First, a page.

Lower your risk of high blood pressure, high cholesterol and diabetes. In fact, becoming more active can lower your blood pressure by as much as 4 to 9 mm Hg — the same reduction in blood pressure delivered by some antihypertensive medications. Physical activity can also boost your levels of good cholesterol. Continue reading →
Today is St. Patrick’s Day, so why not add a touch of green to your day — whether you’re Irish or not! U-M Registered Dietitian Nutritionist Susan Ryskamp suggests this tasty, heart-healthy spinach pesto dip to help you celebrate “green.”
5 large garlic cloves
⅛ cup extra virgin olive oil
2 Tablespoons lemon juice
¾ cup all natural, low-sodium vegetable broth
½ cup Parmesan or Romano cheese
¼ cup pine nuts, toasted until browned (optional)
¼ cup carrot, grated and firmly packed
3 cups fresh spinach leaves, chopped and firmly packed (add more spinach for a thicker dip)
We know it’s chilly outside now, but summer is on its way! Your legs have probably been covered up, trying to stay warm for the last several months. But now is the time to take a look and start thinking about the shorts and sandals season. Start thinking about summer legs!
If you have spider veins that don’t go with your summer wardrobe, there’s a solution. The University of Michigan Vein Centers in Livonia and Troy can help you get your legs ready for summer. The key is to act now because it typically requires more than one treatment and results are best after 6-8 weeks.
Our U-M Vein Center team can help with vein issues ranging from spider veins and swelling to painful varicose veins. Most spider veins and varicose veins can be treated with sclerotherapy. Some varicose veins require endovenous ablation. Endovenous ablation is a popular alternative to the historical stripping procedure; it is minimally invasive and done right in the office. We work with you, and together we create an individualized treatment plan that is best for you.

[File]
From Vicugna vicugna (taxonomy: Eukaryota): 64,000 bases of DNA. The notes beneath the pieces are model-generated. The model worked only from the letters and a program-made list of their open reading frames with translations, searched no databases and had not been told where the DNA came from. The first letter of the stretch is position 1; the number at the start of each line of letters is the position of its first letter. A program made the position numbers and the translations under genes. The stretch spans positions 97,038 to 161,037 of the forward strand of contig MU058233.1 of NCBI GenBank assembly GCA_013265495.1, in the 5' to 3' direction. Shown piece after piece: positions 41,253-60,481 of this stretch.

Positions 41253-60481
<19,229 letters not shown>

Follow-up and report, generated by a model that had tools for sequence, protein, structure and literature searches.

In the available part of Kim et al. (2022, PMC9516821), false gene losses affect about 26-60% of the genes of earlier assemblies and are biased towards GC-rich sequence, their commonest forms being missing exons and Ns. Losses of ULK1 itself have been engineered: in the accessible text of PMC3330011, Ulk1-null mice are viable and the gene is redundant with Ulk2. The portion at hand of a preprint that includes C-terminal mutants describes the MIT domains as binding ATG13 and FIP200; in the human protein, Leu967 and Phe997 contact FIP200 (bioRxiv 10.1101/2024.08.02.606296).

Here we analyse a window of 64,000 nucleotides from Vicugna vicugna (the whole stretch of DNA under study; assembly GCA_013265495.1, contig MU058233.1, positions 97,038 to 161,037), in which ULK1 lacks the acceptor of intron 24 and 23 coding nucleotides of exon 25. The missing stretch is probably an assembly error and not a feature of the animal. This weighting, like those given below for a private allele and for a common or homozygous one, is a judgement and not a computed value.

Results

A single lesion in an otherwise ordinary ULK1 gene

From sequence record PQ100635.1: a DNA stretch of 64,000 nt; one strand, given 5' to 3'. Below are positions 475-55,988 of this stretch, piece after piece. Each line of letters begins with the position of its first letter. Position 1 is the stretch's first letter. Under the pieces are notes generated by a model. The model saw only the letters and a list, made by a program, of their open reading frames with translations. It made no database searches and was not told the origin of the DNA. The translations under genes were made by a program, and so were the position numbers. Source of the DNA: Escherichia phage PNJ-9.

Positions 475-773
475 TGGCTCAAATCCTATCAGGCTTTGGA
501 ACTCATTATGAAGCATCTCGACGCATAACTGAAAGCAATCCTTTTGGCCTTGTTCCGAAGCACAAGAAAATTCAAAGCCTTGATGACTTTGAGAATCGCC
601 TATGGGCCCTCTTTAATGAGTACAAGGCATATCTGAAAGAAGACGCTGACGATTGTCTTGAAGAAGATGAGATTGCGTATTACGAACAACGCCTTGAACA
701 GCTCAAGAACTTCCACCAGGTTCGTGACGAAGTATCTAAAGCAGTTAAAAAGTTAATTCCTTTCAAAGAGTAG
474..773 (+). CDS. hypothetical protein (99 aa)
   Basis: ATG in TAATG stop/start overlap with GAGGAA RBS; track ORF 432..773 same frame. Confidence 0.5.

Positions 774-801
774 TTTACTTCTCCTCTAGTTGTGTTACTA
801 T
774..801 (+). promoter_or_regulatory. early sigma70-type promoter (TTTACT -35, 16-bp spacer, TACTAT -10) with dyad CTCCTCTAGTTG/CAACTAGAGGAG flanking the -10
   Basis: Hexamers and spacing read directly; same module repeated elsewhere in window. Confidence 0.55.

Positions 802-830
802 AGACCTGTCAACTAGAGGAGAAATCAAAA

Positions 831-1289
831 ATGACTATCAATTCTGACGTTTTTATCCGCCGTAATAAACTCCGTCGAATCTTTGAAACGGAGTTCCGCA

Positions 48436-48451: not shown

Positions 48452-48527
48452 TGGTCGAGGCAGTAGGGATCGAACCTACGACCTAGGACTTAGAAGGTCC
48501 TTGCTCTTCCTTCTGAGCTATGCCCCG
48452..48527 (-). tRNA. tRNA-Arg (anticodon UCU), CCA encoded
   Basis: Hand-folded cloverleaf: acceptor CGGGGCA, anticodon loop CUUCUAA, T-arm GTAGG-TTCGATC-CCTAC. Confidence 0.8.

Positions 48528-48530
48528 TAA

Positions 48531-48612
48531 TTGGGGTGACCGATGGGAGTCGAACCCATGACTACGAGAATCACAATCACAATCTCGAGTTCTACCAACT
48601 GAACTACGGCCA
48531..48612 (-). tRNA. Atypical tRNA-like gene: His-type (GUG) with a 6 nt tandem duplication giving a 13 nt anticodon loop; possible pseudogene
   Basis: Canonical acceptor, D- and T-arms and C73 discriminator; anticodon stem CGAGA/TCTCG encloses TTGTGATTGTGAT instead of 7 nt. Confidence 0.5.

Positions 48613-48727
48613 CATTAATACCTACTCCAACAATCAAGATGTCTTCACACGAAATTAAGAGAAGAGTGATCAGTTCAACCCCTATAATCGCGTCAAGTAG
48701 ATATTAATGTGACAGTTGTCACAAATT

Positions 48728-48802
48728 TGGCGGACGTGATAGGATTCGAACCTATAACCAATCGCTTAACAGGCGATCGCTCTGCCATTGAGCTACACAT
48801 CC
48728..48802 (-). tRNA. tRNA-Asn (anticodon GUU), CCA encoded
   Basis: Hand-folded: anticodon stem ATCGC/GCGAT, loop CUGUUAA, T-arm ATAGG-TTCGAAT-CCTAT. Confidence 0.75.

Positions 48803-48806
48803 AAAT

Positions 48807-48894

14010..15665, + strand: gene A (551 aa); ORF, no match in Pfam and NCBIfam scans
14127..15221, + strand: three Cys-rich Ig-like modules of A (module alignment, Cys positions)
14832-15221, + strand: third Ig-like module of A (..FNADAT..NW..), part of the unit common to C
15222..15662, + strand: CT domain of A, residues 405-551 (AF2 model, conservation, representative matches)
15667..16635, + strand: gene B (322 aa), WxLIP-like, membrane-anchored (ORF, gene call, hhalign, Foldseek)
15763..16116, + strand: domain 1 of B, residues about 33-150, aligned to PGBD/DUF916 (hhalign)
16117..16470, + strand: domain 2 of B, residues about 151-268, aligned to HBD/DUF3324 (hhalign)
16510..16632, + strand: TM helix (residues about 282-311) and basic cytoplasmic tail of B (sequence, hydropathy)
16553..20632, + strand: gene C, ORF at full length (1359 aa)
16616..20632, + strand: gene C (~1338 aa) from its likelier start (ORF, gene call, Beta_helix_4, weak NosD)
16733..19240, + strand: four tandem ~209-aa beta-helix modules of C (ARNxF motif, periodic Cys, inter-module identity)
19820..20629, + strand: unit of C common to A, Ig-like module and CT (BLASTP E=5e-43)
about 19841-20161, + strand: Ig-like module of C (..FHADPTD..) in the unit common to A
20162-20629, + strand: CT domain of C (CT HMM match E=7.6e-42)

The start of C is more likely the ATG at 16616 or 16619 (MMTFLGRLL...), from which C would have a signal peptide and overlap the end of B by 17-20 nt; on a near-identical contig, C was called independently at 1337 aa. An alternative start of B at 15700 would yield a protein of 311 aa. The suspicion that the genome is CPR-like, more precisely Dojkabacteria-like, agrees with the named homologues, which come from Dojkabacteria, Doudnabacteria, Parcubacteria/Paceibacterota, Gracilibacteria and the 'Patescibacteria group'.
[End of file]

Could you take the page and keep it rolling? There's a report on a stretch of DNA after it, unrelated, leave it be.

Take the next step:
Schedule your appointment with a vein specialist: Call 734-432-7662 (Livonia) or 248-205-1980 (Troy).
Emily Cummings, M.D., is a board certified physician currently specializing in venous disease and is a member of the American Venous Forum and the American College of Phlebology.
The theme for this year’s Nutrition Month (throughout March) is “Bite into a Healthy Lifestyle.” In honor of this, as well as today’s Registered Dietitian/Nutritionist Day, we asked the U-M Cardiovascular Nutrition Team to share tips for heart-healthy eating. Here’s what they had to say …
1. There’s no one size fits all
“Diets abound, from vegetarian to meat-based, from low carb to ‘the right carb’ — and everything in between. The truth is, the same diet is not right for everyone. When it comes to the best eating pattern, there is no ‘one size fits all.’ Our genetics, weight, blood pressure, cholesterol values and blood sugar are just a few of the measures that can guide us to learn the best eating pattern for each of us individually. Working with a Registered Dietitian/Nutritionist is one way to learn the best eating pattern for you.” — Kathy Rhodes, PhD, RDNContinue reading →